This could pave the way for the implementation of this vital climate solution in Europe and the rest of the world.
The feasibility study from July 2016 showed that CO2 capture is technically feasible at three industrial emission sites in Norway Norcem's cement factory in Brevik owned by Heidelberg Cement, Yara's ammonia factory in Porsgrunn and the Fortum Oslo Varme's (FOV) energy recovery plant in Oslo ,.These sites delivered their concept studies for CO2 capture in the autumn of 2017.
Advanced planning studies
The Norwegian Parliament approved the revised national budget for the second half of 2018 and this included funding for the Norcem and FOV projects to begin advanced planning studies. Yara will not be proceeding with its project following mutual agreement between the company and the government. Norcem and Fortum Oslo Varme plan to capture around 400,000 tons of CO2 each.
CO2 will be transported by ship from the capture plant to an onshore facility on the Norwegian West Coast for temporary storage. CO2 will then be transported via a pipeline to a subsea formation in the North Sea for storage. Equinor, with its partners Shell and Total, are responsible for the planning of the storage facility. The concept study for storage will be completed during the course of 2018 and an advanced planning study will then be carried out. Only once these studies is completed for all stages of the CCS chain will the basis for an investment decision be in place.
Gassco delivered a concept study for transportation by ship in the autumn of 2017. Equinor and its partners have taken over responsibility for the transport part of the project during the advanced planning phase.
Investment decision in 2020/2021
Atkins and Oslo Economics have provided quality assurance on the project. The total cost (investment and operating costs for five years) for a chain where CO2 from Norcem is captured and stored is estimated at NOK 11.2 billion. The equivalent estimate for Fortum Oslo Varme is NOK 13.1 billion. Both estimates are at P50 level.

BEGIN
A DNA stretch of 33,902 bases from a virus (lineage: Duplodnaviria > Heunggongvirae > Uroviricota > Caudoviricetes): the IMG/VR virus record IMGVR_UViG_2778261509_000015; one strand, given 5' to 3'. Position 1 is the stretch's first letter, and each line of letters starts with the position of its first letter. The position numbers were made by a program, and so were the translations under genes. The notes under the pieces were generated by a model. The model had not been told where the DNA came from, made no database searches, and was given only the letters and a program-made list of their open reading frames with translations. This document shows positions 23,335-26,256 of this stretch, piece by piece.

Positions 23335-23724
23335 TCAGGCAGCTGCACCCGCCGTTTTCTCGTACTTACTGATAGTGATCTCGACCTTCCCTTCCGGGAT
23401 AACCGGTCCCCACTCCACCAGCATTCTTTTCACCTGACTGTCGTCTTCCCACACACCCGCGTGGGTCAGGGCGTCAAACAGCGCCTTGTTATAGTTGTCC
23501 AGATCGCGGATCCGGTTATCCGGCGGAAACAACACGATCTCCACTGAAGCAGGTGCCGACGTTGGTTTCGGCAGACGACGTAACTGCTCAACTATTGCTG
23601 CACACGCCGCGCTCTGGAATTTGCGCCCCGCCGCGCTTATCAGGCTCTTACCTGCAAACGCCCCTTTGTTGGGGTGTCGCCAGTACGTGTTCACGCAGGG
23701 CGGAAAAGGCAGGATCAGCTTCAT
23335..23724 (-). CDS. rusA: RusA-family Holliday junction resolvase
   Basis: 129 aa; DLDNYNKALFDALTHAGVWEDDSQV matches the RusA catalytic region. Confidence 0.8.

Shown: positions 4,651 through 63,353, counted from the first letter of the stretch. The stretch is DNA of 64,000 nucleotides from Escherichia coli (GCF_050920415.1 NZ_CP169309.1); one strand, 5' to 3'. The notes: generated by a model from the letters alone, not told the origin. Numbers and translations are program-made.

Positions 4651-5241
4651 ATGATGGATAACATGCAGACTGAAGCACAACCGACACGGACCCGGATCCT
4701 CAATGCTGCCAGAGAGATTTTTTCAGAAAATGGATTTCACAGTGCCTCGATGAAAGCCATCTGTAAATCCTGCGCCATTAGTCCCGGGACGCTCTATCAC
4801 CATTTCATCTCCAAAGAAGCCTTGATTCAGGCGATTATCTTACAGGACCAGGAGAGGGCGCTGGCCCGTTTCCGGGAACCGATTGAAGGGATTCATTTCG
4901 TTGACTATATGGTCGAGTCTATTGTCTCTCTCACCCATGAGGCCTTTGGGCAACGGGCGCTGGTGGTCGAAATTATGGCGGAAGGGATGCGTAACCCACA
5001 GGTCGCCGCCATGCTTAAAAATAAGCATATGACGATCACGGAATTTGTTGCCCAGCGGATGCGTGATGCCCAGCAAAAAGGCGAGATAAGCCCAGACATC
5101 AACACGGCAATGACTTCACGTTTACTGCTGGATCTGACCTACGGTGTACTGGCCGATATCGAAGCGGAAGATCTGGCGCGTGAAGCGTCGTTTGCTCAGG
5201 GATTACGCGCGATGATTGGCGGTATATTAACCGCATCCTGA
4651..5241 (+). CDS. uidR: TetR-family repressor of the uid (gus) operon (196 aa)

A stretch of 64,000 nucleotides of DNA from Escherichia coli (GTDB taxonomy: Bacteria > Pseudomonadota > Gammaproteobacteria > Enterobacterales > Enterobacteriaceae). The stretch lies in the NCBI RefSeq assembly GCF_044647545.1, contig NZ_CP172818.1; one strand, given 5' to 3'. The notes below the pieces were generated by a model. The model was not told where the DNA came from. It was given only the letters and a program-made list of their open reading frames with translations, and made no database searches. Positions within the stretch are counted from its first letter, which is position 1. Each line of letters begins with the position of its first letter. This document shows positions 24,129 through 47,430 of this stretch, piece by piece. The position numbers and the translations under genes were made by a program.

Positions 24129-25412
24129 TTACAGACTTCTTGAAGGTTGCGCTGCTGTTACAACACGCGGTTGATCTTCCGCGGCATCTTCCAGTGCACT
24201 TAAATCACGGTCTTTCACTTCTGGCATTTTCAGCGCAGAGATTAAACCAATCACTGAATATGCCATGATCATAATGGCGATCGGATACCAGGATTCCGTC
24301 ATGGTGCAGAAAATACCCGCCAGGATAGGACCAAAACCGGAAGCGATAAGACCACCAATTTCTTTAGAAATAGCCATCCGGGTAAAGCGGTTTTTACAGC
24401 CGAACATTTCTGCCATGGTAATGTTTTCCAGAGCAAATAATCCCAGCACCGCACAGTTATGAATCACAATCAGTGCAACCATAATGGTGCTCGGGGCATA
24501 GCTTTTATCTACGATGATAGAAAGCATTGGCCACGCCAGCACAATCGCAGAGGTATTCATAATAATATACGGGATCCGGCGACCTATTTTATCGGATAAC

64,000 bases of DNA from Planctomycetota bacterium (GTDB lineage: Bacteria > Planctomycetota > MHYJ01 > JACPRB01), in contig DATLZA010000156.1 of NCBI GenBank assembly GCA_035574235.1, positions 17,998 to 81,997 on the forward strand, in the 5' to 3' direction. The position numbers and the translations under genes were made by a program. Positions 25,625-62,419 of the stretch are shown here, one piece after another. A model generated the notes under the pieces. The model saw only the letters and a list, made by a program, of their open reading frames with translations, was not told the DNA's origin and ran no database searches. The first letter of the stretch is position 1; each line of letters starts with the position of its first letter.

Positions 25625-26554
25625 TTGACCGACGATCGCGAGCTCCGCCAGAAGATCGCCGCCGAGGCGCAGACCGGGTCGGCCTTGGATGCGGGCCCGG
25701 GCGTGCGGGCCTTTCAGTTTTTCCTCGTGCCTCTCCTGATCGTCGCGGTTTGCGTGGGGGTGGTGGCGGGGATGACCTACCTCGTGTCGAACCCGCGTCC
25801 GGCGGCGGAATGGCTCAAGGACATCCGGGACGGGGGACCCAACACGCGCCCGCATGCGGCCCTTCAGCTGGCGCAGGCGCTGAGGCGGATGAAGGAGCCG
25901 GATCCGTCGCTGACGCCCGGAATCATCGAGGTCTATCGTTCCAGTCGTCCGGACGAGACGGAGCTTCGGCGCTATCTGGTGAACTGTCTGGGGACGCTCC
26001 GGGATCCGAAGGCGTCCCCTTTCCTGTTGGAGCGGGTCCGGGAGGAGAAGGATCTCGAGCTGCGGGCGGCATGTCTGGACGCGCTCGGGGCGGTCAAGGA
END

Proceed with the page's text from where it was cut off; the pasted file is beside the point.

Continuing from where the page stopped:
The Norwegian Parliament can make an investment decision for the project in 2020/2021. The project will then be able to commence operations in 2023/2024.
A storage for Europe
The inclusion of some overcapacity in the storage infrastructure has been planned. This means that the storage facility can receive CO2 from several emission sources. The selected pipeline can accommodate 4 million tons of CO2 per annum, i.e. 10 times the amount of CO2 from one Norwegian capture plant. During the concept phase, decisions concerning onshore facilities, wells and storage facilities will be taken in order to clarify the capacity of the infrastructure.
This will enable the Norwegian CCS project to lower the barriers for future projects. As the project is based on transportation by ship, the storage facility will also be easily accessible to CO2 emission sources in other European countries. In Sweden, Preem AB is also examining the possibility of capturing CO2 at its refinery in Lysekil for storage in the North Sea. Equinor, Shell and Total have signed contracts with several early phase projects. Additionally, they are examining the possibility of storing CO2 from different facilities in which they have their own stakes.